Pope Francis names new bishop of Brooklyn’s Roman Catholics
Bishop Brennan is NY native who served Rockville Centre diocese
Bishop Nicholas DiMarzio, bishop of the Roman Catholic Diocese of Brooklyn for the past 18 years, is stepping down, to be succeeded by the Most Rev. Robert J. Brennan, who will be the eighth bishop of Brooklyn. The news was announced on Wednesday by Archbishop Christophe Pierre, apostolic nuncio to the United States.
Upon reaching the age of 75 two years ago, Bishop DiMarzio had submitted his resignation on that date, in accordance with canon law. Pope Francis finally accepted DiMarzio’s resignation on Wednesday, Sept. 29 — exactly four weeks after the bishop was exonerated of sexual abuse allegations.
Bishop-designate Brennan, who will be officially installed on Nov. 30 at the Co-Cathedral of St. Joseph’s, Prospect Heights, was already having a busy day in the diocese. Following an 8 a.m. Mass at the Co-Cathedral of St. Joseph, Bishop Brennan led a prayer service and met with diocesan staff to lay out his priorities upon receiving the mantle from his predecessor. The diocese includes Queens as well as Brooklyn.
During that Mass, the prelates welcomed Police Commissioner Dermot Shea and a contingent of police officers attending a Mass to celebrate the Feast of St. Michael the Archangel, the patron saint of cops, which is marked on Sept. 29 each year.
Addressing the police delegation, Bishop Brennan remarked, “I’m looking forward to getting to know each and every one of you. I want to serve you with all my heart.”
Bishop Brennan appeared at a morning joint news conference side by side with Bishop DiMarzio, 77, who called his successor “the perfect man for the job.”
A Bronx native, Bishop-designate Brennan lived on Long Island, earned his undergraduate and master’s degrees in mathematics and computer science at St. John’s University in Queens, trained for the priesthood at the Seminary of the Immaculate Conception in Huntington, New York, and was ordained a priest of the Diocese of Rockville Centre on May 27, 1989.
He served as secretary to the bishop for three prelates: Bishops John McGann, James McHugh and William Murphy. He also served as the vicar general and moderator of the curia for the Diocese of Rockville Centre and was ordained an auxiliary bishop for the Diocese of Rockville Centre on July 25, 2012.
Bishop Brennan was later called to the Diocese of Columbus, Ohio, where he has served as bishop since 2019.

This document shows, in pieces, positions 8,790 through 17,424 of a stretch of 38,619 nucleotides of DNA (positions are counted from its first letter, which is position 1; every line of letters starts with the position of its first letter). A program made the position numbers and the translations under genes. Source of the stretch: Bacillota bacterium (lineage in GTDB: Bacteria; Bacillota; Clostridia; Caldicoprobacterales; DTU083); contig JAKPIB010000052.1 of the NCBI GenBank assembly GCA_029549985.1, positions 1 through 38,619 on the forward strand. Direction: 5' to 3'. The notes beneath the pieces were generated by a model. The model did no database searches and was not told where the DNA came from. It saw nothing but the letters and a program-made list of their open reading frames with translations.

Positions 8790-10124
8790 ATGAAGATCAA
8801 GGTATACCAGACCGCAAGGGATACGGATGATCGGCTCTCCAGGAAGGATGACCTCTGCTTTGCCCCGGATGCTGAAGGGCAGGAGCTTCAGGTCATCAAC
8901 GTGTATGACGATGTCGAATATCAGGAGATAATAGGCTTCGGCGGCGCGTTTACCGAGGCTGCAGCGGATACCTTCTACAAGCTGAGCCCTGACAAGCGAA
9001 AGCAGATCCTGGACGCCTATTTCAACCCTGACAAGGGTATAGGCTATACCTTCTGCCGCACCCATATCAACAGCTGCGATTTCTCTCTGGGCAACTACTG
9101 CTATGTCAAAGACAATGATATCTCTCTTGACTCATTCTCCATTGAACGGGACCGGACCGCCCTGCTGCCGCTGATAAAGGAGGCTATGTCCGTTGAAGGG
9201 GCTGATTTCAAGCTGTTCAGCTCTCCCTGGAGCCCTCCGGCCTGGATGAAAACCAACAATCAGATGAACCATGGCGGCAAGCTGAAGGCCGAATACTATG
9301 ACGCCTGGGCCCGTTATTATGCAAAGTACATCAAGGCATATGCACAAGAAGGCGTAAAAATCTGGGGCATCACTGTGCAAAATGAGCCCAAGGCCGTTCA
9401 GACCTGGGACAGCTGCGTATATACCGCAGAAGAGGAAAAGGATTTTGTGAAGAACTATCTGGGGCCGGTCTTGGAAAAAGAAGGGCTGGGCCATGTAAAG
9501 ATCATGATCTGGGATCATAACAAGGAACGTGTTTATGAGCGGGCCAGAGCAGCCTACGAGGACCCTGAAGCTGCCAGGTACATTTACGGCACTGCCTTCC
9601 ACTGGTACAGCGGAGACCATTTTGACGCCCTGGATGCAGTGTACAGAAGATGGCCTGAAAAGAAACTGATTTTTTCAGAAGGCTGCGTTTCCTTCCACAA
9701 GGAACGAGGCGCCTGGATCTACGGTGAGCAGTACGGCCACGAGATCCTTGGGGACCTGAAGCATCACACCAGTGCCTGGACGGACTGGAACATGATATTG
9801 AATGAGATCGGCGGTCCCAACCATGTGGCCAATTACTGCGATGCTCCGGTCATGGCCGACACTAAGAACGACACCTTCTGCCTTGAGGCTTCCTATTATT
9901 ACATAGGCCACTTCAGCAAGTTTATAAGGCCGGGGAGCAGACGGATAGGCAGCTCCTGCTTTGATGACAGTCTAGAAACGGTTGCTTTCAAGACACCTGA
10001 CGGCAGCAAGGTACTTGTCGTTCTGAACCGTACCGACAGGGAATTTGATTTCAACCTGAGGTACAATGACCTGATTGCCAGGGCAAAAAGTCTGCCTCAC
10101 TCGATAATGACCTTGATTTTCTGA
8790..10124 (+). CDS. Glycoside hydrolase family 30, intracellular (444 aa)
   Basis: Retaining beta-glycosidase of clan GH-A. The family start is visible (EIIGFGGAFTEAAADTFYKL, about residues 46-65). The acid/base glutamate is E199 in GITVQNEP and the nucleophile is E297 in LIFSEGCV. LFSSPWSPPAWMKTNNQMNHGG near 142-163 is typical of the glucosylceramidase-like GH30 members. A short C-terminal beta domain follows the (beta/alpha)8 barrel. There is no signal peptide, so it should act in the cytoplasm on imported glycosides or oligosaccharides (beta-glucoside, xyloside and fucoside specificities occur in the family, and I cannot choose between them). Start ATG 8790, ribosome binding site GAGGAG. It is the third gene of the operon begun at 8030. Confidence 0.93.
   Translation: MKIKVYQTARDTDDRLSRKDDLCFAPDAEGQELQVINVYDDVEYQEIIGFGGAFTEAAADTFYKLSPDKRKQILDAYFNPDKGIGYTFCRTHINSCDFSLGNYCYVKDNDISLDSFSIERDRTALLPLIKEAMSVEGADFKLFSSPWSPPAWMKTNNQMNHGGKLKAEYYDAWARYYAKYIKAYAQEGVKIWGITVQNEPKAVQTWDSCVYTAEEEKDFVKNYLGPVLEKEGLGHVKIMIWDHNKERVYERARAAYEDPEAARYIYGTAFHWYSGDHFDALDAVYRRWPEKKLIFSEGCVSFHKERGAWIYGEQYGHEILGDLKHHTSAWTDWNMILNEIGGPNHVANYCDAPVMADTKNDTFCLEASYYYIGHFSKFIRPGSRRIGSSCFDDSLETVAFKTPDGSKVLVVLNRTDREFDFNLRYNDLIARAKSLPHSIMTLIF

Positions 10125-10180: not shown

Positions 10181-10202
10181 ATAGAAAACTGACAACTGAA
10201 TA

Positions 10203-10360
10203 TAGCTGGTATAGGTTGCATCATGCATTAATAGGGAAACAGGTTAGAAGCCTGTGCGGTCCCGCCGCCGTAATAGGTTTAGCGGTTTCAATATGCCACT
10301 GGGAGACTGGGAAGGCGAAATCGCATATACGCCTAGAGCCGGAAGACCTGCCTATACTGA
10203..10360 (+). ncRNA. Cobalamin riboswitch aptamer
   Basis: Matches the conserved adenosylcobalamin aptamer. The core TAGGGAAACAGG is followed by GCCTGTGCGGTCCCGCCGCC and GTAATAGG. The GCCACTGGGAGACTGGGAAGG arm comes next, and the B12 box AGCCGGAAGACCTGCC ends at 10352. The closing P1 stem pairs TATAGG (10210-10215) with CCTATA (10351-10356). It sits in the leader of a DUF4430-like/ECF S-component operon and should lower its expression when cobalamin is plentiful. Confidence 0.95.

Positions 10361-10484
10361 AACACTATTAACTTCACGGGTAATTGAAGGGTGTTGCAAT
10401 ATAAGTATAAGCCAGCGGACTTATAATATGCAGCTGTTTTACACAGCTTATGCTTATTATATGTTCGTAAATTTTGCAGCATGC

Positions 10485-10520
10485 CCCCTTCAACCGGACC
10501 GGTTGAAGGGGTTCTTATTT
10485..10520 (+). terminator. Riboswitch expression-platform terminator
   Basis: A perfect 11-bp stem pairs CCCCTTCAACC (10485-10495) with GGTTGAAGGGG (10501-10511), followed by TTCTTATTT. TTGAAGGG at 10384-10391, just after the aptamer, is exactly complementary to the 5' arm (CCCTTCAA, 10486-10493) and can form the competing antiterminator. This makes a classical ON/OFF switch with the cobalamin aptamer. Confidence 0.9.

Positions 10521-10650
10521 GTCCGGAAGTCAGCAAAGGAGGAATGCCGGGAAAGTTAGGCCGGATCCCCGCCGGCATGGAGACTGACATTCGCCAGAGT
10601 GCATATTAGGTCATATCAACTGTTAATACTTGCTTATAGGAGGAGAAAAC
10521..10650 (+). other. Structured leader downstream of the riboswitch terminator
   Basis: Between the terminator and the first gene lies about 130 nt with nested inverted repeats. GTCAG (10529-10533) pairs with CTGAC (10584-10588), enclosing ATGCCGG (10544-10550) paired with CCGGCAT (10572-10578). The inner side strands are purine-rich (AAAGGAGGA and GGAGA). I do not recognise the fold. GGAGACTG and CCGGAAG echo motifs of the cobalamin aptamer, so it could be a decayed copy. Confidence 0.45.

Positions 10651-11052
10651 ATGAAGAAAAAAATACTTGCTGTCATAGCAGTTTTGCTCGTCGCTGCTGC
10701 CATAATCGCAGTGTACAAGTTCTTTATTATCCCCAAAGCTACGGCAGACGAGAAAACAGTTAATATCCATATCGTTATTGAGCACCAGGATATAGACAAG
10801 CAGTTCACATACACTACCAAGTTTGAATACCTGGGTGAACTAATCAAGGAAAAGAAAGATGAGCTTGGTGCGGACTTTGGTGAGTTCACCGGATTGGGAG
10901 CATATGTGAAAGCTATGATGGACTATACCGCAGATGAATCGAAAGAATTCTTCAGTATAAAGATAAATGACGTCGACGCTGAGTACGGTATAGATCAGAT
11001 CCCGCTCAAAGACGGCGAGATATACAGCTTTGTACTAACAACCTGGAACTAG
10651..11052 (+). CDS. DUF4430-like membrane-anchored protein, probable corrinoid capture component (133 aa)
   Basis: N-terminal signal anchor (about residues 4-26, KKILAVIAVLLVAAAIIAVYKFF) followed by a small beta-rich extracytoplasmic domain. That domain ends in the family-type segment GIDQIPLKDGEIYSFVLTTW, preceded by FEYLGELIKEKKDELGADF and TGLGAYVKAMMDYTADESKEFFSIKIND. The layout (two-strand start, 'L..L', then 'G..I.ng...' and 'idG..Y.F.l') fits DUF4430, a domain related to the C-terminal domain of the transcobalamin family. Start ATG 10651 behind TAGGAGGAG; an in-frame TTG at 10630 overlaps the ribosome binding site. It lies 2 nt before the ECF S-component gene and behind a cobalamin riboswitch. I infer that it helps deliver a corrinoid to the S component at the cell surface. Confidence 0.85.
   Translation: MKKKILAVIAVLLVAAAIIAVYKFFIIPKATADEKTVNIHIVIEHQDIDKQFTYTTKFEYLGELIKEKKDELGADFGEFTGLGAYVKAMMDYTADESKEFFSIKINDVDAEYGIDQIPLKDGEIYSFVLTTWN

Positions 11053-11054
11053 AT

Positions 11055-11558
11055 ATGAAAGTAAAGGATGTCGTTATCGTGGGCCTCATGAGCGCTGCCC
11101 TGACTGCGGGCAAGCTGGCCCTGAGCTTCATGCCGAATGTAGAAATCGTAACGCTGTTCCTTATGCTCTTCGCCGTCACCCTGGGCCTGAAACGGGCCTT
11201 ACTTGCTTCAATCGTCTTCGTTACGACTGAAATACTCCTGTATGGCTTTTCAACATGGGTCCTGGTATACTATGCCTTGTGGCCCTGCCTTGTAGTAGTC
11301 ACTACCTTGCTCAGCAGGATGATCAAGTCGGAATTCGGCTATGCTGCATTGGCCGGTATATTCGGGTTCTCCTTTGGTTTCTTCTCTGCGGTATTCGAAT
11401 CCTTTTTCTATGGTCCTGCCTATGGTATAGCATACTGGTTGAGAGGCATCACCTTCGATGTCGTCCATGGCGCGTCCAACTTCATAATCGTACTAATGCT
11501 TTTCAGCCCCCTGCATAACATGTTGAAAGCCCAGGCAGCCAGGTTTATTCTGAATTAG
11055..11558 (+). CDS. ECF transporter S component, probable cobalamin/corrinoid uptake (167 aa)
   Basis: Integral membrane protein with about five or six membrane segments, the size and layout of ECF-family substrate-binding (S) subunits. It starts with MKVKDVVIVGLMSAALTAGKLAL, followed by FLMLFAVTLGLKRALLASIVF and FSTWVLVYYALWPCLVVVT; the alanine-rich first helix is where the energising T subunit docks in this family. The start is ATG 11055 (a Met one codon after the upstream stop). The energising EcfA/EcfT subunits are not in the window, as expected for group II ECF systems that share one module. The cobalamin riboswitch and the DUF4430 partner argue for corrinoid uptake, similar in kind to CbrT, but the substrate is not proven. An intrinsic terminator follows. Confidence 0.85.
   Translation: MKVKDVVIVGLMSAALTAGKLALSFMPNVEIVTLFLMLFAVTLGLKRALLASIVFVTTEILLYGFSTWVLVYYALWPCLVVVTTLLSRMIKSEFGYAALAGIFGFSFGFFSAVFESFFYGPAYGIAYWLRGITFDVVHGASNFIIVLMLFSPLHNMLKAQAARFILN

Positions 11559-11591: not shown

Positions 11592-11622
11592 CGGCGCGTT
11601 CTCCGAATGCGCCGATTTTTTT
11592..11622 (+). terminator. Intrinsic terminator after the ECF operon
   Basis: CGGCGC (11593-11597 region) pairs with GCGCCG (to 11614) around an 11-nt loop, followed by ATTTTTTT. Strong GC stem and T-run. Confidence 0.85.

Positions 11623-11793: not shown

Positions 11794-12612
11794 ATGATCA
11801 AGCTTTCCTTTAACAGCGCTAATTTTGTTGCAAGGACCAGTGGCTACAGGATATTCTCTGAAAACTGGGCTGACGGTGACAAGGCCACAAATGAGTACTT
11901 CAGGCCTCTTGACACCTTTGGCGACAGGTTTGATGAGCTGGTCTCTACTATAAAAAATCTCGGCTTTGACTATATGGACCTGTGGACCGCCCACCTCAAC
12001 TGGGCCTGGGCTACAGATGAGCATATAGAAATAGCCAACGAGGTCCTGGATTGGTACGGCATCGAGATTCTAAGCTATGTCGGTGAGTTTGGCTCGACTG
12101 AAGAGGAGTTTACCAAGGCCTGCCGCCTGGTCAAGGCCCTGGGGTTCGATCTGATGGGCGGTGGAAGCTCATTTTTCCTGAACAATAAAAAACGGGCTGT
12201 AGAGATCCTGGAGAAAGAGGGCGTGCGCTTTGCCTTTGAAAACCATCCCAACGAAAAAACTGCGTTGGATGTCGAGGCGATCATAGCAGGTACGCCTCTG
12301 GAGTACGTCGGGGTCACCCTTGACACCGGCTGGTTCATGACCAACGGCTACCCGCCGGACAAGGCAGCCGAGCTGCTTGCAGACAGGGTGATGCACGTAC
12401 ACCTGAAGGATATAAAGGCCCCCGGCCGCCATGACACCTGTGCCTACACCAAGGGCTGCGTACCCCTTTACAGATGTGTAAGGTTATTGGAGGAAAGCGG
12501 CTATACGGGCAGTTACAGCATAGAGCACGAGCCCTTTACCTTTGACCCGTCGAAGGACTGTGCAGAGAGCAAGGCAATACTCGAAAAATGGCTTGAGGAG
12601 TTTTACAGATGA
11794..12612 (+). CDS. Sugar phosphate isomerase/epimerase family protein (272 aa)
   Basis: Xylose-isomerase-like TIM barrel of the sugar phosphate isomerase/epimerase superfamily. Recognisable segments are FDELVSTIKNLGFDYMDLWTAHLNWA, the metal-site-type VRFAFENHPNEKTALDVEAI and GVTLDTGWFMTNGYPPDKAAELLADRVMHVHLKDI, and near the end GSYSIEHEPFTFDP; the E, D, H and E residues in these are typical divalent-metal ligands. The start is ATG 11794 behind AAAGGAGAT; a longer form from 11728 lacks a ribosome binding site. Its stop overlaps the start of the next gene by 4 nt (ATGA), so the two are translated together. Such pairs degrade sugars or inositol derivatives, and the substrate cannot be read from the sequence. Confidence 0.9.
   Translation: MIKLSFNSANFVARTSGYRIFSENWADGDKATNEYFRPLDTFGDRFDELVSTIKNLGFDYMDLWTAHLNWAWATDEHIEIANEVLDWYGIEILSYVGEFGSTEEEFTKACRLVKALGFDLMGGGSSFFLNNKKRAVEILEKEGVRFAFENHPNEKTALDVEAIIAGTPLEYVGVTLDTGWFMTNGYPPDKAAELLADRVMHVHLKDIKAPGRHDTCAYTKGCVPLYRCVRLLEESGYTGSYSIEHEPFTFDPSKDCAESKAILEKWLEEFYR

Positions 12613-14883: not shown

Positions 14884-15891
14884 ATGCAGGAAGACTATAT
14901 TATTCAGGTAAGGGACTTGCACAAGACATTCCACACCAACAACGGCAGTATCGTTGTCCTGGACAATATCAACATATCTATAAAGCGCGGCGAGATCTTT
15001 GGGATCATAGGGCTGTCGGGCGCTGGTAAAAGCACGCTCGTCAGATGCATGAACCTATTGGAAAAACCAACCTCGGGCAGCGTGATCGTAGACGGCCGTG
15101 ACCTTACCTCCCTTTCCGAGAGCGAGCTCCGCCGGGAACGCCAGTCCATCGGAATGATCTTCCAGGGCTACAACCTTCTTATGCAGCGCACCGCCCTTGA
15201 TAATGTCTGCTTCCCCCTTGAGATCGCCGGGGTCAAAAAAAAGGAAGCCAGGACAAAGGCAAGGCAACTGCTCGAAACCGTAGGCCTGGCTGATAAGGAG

Bishop DiMarzio said that his successor, Bishop-designate Brennan, “knows New York. He is someone familiar with the issues here. He’s a quick study. He knows a lot of the priests already in the diocese.”
Bishop-designate Brennan noted he will begin his tenure in Brooklyn as the synod process is getting underway.
“The timing of that fits perfectly with this transition,” said Brennan. “My tenure here will begin with listening. I’m kind of excited by that.
“As a student at St. John’s University, in the heart of Queens, I first experienced the remarkable diversity of the Diocese of Brooklyn,” he said. “The parishes of Brooklyn and Queens have long embraced the richness of that diversity, and the bishops and diocesan leadership have sought to provide for and learn from immigrants from around the world.”
Bishop-designate Brennan also marvels at the Catholic school enrollment increase during the pandemic within the Brooklyn Diocese.
Addressing the clergy sex abuse crisis, the bishop-designate called it “horrendous, intolerable,” and vowed to fight it. He also praised DiMarzio’s commitment to assisting victims, including the creation of a hotline and office where charges of abuse could be reported confidentially.
Bishop-designate Brennan has served with the United States Conference of Catholic Bishops as a member of the Committee for Catholic Education, the Administrative Committee and the Priorities and Plans Committee.
Even though a Bronx native, Bishop-designate prefers the Major League Baseball team that’s based in Queens. He’s a Mets fan.
The Eagle thanks The Tablet diocesan newspaper for additional information on Bishop Brennan’s official welcome.
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